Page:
We are today under the empire of image. After the oral and the written Word, it seems that image acquires an unheard relevance. It determines our life more and more decisively, both our way of seeing the world and the way by which we perform our individual and collective existence. Is this a well grounded appreciation? What is the new status of image, if any? In which way does digitalization transform and renovate the traditional functions of image? (task 3). What after all is image? How has it been thought by the philosophical tradition? What new theoretical approaches have been proposed to clarify its nature? Is image just a means for accessing the concept, just a fragile and evanescent mediator, just a mere appearance? Or, on the contrary, is image an entity, a manifestation or a sensible presentation of a superior meaning which only in it and by it can be seen? How to explain that such a conception of image (as a means in view of an end) could be at the root of the expression "audio-visual means" when, paradoxically, new technologies are one of the most powerful factors that can explain the density of image we witness today? Gadamer (1960) stresses that iconoclasticism is the fear that image may function as an end in itself. Art would have thus been saved in Christian civilization because, here, image was conceived, not only as opening to what it represents (God, the Father), but in a positive way, by its capacity of affirming something which the represented entity could not mean by itself (Christ).

Sacralization of Art would have here its basis, that is, would have been grounded, not in the "copy-image” (simple vehicle for the represented reality), but in an entity endowed with its own power. We could ask whether the recent artistic productions are not the expression of such an extreme valorization of image? And, in the case of Science? Will image have in science more than a simple representative function? If so, what is then its role in Science? Why are images used in science? How are they used? How can we say that one scientific image is truthful and accurate? Can scientific images be artistically evaluated? If so, by which criteria?

We know that positivist History and Philosophy of Science has completely neglected the study of image in science, considering it as a mere illustrative entity. Art Historians, by their side, have only been interested in scientific image in articulation with the aesthetics of its time. Further, the interest of Iconography towards scientific image is strictly technical, totally away from the scientific content those images are supposed to illustrate (Blunt e Stearn, 1994). Now, in the line of Mitchell (1998), we want to study image in science both in internal terms, concerned with the construction of scientific discourse, and external, related to the ideological and aesthetical factors of its production, use and public appropriation. To see, e.g., in which way images produced by science overcome the intentions with which they were created by scientists and are propagated to general culture where they came to configure our image and discourse about the planet, sexuality, race, etc.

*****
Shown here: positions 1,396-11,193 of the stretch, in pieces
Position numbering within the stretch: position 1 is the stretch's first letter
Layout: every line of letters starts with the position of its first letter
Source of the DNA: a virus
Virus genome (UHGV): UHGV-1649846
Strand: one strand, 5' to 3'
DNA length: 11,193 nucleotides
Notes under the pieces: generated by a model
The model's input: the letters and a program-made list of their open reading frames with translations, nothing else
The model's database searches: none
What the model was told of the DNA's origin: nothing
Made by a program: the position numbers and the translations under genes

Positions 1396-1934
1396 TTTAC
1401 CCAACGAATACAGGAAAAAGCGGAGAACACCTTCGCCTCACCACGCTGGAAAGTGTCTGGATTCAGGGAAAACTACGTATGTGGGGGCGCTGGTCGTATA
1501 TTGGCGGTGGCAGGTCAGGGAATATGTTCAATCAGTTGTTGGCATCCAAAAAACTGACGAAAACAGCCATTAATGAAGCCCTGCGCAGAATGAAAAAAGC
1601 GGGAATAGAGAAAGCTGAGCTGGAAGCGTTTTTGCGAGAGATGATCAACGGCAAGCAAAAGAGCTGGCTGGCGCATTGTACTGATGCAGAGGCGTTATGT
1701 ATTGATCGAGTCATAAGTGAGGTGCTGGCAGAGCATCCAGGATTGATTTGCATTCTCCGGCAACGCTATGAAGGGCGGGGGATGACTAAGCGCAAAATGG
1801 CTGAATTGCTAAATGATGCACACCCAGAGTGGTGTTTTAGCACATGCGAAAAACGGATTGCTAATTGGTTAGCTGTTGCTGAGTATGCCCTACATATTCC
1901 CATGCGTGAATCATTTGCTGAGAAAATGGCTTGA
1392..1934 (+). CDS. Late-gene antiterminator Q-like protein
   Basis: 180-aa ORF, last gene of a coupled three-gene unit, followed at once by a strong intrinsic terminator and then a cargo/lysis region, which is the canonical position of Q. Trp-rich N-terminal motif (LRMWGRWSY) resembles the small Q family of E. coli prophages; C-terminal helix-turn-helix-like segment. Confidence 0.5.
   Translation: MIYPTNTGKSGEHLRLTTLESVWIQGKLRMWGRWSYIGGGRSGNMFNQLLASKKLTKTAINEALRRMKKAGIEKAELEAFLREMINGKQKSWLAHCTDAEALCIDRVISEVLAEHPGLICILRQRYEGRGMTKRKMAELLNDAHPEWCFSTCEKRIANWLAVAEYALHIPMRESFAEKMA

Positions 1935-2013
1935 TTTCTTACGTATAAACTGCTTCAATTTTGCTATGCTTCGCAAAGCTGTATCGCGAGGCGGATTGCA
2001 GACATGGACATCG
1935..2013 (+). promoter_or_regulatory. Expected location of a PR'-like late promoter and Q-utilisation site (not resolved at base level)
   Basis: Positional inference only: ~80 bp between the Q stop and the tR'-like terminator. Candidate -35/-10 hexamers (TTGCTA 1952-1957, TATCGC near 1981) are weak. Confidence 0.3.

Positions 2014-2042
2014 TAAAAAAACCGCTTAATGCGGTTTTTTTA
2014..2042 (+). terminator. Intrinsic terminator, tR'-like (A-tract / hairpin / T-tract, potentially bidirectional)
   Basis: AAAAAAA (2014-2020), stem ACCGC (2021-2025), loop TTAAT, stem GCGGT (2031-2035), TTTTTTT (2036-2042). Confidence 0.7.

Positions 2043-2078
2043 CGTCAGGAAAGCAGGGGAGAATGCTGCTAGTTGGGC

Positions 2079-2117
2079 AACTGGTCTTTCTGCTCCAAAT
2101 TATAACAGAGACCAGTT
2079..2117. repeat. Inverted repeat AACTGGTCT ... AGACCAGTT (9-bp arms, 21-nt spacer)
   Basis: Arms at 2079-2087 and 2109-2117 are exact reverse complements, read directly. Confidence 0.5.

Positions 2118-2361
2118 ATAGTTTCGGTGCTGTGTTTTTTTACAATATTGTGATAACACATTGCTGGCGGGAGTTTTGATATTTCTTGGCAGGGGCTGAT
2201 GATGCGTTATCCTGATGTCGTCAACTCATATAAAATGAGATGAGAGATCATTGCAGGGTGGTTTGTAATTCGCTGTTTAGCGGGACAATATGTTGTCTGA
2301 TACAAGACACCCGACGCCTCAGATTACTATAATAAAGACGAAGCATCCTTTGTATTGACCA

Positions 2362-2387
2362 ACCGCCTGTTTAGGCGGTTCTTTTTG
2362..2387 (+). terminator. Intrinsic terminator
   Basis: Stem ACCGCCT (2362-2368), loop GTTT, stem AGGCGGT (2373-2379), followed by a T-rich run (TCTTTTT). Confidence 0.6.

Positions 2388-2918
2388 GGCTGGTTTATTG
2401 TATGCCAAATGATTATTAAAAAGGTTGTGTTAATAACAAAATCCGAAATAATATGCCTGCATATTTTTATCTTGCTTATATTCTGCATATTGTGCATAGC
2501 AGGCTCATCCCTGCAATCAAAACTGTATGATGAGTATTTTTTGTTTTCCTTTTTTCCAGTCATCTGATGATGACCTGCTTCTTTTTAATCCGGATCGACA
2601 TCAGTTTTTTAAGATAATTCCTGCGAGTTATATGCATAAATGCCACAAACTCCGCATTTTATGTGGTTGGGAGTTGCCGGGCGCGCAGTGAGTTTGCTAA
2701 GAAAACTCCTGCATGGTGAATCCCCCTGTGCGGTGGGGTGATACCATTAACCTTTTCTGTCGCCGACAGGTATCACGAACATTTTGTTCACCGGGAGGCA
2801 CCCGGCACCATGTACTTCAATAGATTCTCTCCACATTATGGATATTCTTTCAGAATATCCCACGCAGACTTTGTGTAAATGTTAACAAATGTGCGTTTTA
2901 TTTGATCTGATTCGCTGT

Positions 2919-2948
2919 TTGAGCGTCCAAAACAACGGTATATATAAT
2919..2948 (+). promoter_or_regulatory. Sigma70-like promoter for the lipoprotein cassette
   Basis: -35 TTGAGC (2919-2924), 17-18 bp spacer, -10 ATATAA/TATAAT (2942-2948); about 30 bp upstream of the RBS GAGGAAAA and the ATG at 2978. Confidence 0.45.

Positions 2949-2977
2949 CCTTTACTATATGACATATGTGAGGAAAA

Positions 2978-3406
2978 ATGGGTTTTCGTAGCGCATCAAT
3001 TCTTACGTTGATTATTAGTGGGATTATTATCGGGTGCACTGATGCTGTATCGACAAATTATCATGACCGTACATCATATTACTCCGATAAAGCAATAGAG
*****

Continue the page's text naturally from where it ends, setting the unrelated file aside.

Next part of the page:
On the basis of an interdisciplinary
team, this project takes image as its central object of research. This is to be done by a comparative methodology, always trying to intertwine Art and Science. We want to undertake some CASE-STUDIES able to give us a deeper understanding of the status and functions of image in Art and Science. We propose to do a set of historical studies on some paradigmatic works characterized by the hybrid status of image as knowledge entities endowed with aesthetical value vs artistic objects cognitively oriented (Leonardo, Vesalius, Goethe and Darwin) (task5). We will also investigate the forms by which image is used in the construction of scientific concepts and in the communication/diffusion of science by referring to the systematic study of Portuguese scientific illustration (task 7), and by the exhaustive survey of the place of image in two Portuguese journals (scientific and of divulgation nature – task 6). A main undertaking will be fostered in collaboration with the Faculties of Medicine and Fine Arts of the University of Lisbon. We propose to identify, classify and study the unexplored collection of anatomical drawings of the Museum of Medicine (t8) and to compare those data with the rich collection of nude drawings from the Faculty of Fine Arts (task 9). We hope that the confrontation between the scientific study of human anatomy and the artistic drawing of the human body will have relevant heuristic results. In dialogue with the philosophical tradition and its recent developments (Bachelard, Deleuze – task 4), we will also question the very nature of image and, if possible, participate at the elaboration of a “philosophy of image” (task 1). We propose to analyze the role played by image in some main epistemological and semiotic programs (Leibniz, Frege and Peirce – task 2) and to question the reach of such recent explorations of Neuroaesthetics in science and art in the 90s (tasks 6,7,8,9).

We take on
three main commitments: to give special attention to Portuguese production of image in terms of science and art, to promote an interdisciplinary research with artistic, scientific and philosophical communities in Portugal; to divulgate our data and results (task 11).